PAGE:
The party confirmed Saturday that Josh Underhay and his son died in a canoeing accident on Friday afternoon.

    Voting day is Tuesday.

    Green party Leader Peter Bevan-Baker, whose party has been leading in the polls, issued a statement saying he was bereft when he learned of Underhay’s death.

    “Josh has been a dear friend and colleague of mine for many years, as a volunteer, musician, passionate cycling advocate and Green party supporter,” Bevan-Baker said.

    “He has touched the lives of everyone who knew him, including the students he taught, fellow musicians and members of the party … Josh brought humour, enthusiasm and boundless energy to every situation.”

    Bevan-Baker said the Greens would suspend all election-related activities for the remainder of the campaign.

    The province’s three other major parties suspended all campaign events scheduled for Saturday.

    The RCMP issued a statement saying two canoeists were reported missing Friday after they failed to show up at an agreed pick-up point along the Hillsborough River, which cuts through the middle of the Island and empties into the Northumberland Strait near Charlottetown.

    Firefighters, police and a volunteer ground search team were called in to look for the pair.

    Police would not identify the victims, but a Green party official confirmed Underhay and his son were later found in the water near their capsized canoe.

    Though they were wearing flotation devices, both were declared dead at the Queen Elizabeth Hospital in Charlottetown, police said.

    Police asked for the public’s help as they continued their investigation, saying they’d like to hear from anyone who saw a red canoe on the Hillsborough River on Friday afternoon.

    Underhay, a married father of two boys, had been the Greens’ candidate in District 9, Charlottetown-Hillsborough Park.

    According to a profile on the party’s website, he was a teacher at Birchwood Intermediate School in Charlottetown, as well as an experienced musician and a student of languages, speaking English, French, Spanish, Mandarin and Czech.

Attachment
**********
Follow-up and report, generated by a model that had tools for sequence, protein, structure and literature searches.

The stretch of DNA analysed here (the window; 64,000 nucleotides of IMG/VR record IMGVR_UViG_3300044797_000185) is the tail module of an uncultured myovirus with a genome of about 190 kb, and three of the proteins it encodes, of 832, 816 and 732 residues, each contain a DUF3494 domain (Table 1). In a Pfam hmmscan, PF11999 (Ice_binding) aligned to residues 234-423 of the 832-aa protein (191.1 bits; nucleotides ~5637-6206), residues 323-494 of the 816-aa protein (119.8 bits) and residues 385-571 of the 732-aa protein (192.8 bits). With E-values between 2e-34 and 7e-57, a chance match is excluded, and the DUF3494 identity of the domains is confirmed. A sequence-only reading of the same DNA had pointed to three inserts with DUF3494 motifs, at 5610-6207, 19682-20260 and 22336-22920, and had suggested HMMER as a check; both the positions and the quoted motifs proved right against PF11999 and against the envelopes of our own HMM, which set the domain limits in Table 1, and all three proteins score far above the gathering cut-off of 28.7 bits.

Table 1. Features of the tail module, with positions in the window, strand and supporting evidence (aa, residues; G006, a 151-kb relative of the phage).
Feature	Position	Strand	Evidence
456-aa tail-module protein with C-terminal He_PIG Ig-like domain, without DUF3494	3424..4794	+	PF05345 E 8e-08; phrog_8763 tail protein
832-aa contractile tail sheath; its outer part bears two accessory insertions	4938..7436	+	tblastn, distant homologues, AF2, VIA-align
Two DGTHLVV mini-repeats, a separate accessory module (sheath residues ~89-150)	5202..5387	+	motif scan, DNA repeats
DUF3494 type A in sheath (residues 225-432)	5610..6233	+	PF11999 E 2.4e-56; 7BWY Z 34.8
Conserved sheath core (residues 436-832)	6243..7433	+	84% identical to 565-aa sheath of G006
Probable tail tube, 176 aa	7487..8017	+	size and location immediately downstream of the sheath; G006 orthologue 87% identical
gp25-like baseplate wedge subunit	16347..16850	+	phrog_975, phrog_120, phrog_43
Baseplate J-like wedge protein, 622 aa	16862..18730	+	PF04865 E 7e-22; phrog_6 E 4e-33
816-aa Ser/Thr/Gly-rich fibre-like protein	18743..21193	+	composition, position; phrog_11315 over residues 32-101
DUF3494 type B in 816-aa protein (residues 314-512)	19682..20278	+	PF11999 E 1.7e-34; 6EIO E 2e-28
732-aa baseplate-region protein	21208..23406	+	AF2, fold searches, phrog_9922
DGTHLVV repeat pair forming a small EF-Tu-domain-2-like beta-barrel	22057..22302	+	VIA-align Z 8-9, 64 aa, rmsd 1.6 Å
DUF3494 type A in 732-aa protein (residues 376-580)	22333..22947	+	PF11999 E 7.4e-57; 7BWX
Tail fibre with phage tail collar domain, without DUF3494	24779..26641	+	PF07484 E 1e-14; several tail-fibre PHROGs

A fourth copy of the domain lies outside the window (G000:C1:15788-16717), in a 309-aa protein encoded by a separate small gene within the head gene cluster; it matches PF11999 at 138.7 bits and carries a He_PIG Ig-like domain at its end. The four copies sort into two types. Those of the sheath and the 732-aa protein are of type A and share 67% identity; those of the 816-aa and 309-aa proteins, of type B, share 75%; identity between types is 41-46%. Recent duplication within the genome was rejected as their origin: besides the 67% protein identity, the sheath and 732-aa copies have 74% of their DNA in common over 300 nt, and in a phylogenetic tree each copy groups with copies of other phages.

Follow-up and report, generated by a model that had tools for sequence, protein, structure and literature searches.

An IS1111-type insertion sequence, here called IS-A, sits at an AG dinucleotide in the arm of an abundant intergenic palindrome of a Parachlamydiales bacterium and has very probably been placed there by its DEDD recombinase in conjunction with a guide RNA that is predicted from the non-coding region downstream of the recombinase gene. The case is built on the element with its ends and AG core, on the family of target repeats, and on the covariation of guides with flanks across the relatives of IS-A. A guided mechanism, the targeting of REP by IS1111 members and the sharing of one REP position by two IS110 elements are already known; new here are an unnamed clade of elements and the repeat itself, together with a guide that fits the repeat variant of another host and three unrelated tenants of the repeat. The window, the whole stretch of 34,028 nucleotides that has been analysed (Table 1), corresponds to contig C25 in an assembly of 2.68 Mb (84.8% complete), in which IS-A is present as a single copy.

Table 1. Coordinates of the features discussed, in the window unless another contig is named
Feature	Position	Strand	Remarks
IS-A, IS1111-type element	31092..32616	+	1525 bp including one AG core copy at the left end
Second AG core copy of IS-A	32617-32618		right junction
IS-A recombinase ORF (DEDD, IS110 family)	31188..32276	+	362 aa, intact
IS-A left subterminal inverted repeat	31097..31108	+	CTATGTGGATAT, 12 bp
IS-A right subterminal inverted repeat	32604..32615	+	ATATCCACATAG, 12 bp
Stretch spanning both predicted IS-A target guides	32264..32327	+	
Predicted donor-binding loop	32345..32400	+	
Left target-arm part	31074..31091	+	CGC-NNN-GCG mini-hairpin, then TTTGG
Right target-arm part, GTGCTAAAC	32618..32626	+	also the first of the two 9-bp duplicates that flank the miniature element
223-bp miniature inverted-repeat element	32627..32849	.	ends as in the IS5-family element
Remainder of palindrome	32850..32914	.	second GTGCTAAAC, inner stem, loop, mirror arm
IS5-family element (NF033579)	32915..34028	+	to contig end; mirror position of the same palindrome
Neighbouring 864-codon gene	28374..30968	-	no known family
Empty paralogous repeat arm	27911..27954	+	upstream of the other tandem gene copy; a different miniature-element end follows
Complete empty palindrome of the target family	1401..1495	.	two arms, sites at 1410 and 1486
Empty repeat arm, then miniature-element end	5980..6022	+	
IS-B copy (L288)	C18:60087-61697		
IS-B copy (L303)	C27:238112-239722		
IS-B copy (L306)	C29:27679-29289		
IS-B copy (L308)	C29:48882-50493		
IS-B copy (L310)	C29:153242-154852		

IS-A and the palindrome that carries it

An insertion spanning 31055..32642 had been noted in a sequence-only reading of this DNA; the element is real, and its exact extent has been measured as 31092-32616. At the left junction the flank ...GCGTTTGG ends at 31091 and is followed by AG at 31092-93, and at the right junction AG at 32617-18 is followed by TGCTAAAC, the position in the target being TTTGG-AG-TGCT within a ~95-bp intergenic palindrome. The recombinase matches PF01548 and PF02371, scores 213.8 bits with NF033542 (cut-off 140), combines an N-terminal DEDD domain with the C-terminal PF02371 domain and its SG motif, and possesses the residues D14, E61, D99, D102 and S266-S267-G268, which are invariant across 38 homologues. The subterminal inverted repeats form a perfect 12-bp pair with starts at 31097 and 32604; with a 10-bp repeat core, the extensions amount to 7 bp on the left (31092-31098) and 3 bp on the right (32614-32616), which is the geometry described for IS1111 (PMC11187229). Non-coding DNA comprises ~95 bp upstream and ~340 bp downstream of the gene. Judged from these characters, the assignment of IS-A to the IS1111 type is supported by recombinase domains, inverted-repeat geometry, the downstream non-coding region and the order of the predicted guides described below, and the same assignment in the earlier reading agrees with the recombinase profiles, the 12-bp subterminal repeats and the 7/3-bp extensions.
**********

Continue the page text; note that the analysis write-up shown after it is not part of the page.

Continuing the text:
“I simply cannot imagine how much (Underhay) will be missed,” Bevan-Baker said.

    “Our thoughts and prayers are with his family and friends, and I know we will all join together to provide each other with support and comfort during this terrible time.”

    Progressive Conservative Leader Dennis King issued a statement saying the tragic loss of Underhay and his son marked “a heart-breaking day for all Islanders.”

    “It is a reminder of how fragile life is and how often we take it for granted,” King said. “Josh was a dedicated teacher and community leader who had a love for life and a passion for people. He was an advocate, talented musician and friend to many.”

    The Green party has been leading in opinion polls since August, but the race remains too close to call when the margin of error in recent surveys is factored in.

    Premier Wade MacLauchlan’s Liberals will be seeking a fourth term on Tuesday, which has prompted some critics to suggest the party has overstayed its welcome.

    The close numbers have also raised the possibility of a minority government, which would mark a historic moment for the Island. The last time a minority was elected in P.E.I. was 1890.

    The Conservatives have been plagued by infighting for the past eight years, churning through no fewer than six leaders, including King, who was elected in February.

    However, the party enjoyed a boost in the polls the following month, leaving them in a virtual tie with the Liberals.

    As for the Island’s New Democrats, led by Joe Byrne, their poll numbers have remained at single digits for the past year.

    — By Michael MacDonald in Halifax

    The Canadian Press


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    Environment

    Flood waters take a life in western Quebec after rising river sweeps away road

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  • MONTREAL — One person has died amid flooding in western Quebec, after rising river levels swept away part of a road in the Outaouais region overnight.

    Police confirmed the death in a tweet Saturday morning, posting a photo of a gaping hole along the road in the Municipality of Pontiac, about 30 km northwest of Ottawa.